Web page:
The government last week announced yet more employment law reforms which amount to a charter for employers to ambush and bully workers into leaving their jobs, Thompsons has said.
The government has announced:
- a consultation entitled “Ending the Employment Relationship” to look at how to make settlement agreements work in practice (see weekly LELR 273); and how to reduce the unfair dismissal compensation cap which currently stands at £72,300
- a consultation on how judges in employment tribunals could dismiss weak cases more easily and reduce the number of preliminary hearings
- its decision not to pursue the idea of compensated no fault dismissal for micro-firms
Victoria Phillips, head of employment rights at Thompsons, said:
“Vince Cable may claim to have rejected Beecroft’s no fault dismissals, but in reality settlement agreements are little different. They will equip unscrupulous employers to ambush a worker, even bully and cajole them into agreeing to go, without getting advice from their trade union or elsewhere, and the fact of the conversation won’t be able to be referred to in any subsequent unfair dismissal tribunal case. Legally, it will be as if it never happened.
“So if a pressured employee accepts the offer they lose their right to pursue an employment tribunal claim and the chance of a greater level of compensation. And if they don’t, they cannot refer to it as evidence of their employer’s intentions, even though it may be key to showing that they have been unfairly dismissed”.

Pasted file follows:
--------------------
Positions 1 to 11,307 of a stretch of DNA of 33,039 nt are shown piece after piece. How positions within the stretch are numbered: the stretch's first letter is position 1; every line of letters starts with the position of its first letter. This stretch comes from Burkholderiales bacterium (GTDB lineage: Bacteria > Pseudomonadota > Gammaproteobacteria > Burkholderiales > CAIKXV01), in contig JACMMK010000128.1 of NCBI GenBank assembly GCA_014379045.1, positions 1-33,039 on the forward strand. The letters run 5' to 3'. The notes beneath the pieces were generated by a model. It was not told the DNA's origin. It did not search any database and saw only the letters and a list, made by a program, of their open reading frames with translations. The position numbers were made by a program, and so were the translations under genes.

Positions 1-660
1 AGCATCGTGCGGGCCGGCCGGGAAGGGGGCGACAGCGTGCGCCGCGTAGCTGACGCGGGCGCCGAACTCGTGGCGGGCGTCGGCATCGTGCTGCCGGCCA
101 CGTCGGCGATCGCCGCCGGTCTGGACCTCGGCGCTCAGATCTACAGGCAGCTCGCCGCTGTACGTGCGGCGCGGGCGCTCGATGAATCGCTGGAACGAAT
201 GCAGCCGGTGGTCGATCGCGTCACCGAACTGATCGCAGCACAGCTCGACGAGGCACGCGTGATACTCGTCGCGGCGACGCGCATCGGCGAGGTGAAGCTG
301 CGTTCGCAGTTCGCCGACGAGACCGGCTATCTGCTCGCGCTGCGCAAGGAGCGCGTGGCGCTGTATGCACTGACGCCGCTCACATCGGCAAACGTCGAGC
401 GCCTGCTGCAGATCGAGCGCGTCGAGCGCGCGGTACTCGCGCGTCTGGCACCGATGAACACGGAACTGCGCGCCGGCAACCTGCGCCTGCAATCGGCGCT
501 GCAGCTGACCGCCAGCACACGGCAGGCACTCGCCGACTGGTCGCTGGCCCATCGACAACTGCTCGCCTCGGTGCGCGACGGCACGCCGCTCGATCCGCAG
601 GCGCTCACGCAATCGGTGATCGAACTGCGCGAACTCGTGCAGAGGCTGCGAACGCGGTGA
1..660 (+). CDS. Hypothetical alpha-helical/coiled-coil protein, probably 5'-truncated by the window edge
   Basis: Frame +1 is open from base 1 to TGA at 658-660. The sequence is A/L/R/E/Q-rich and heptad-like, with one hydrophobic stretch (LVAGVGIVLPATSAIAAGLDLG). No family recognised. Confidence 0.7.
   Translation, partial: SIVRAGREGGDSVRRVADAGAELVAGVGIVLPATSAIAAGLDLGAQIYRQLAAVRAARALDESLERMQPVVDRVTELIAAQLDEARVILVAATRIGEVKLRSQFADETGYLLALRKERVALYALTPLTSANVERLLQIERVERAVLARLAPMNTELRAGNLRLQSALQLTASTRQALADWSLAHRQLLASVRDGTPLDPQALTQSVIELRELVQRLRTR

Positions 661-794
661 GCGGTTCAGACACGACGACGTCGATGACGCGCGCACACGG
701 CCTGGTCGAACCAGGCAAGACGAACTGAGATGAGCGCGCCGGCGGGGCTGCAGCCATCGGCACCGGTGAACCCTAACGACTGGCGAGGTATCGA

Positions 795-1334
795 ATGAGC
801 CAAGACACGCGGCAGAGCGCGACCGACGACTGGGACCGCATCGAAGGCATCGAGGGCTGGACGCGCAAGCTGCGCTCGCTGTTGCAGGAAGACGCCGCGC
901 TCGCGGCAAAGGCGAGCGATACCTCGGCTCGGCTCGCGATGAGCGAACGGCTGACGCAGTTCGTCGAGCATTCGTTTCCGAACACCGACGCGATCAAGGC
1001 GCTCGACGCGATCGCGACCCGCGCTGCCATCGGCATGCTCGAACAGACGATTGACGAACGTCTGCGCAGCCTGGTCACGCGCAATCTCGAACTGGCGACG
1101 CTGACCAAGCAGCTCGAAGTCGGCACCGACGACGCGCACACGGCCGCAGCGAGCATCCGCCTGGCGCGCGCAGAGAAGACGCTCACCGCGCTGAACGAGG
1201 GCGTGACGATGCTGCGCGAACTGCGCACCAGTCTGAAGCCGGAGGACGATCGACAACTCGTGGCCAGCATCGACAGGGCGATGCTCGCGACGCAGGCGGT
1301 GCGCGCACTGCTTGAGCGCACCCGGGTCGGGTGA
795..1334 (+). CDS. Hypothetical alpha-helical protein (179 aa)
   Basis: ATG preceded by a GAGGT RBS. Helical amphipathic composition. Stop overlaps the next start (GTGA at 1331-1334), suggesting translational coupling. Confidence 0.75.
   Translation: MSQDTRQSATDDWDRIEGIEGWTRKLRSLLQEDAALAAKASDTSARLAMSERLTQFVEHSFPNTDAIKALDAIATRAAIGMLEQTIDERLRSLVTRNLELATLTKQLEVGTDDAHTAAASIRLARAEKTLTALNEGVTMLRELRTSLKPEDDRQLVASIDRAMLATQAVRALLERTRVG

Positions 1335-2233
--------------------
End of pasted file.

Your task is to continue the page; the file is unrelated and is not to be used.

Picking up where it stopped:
Read Thompsons’ comment in full
The government has also published its response to its call for evidence on the effectiveness of the Transfer of Undertakings (Protection of Employment) Regulations (TUPE) 2006. It has concluded that the issues respondents have raised will be considered and that further consultation will take place alongside engaging with key players.
Andrew James of Thompsons said: “While we welcome the government’s pledge to consult with the unions and not to rush headlong into reforming TUPE regulations, as has happened with other areas of employment law, we would oppose any attempt to repeal the 2006 service provision changes.
“The overriding aim of the TUPE regulations is to protect and preserve the rights of workers. The legislation does exactly that, no more and no less. Since 2006 the regulations have provided greater clarity to employers who more often than not are the ones who challenge whether TUPE applies, and this is borne out by the fact that there are now considerably fewer legal challenges on this issue”.
Read Thompsons’ response in full
To access the two government consultations which close on 23 November, and the Government's response to the call for evidence on TUPE, visit the Department for Business, Innovation & Skills website.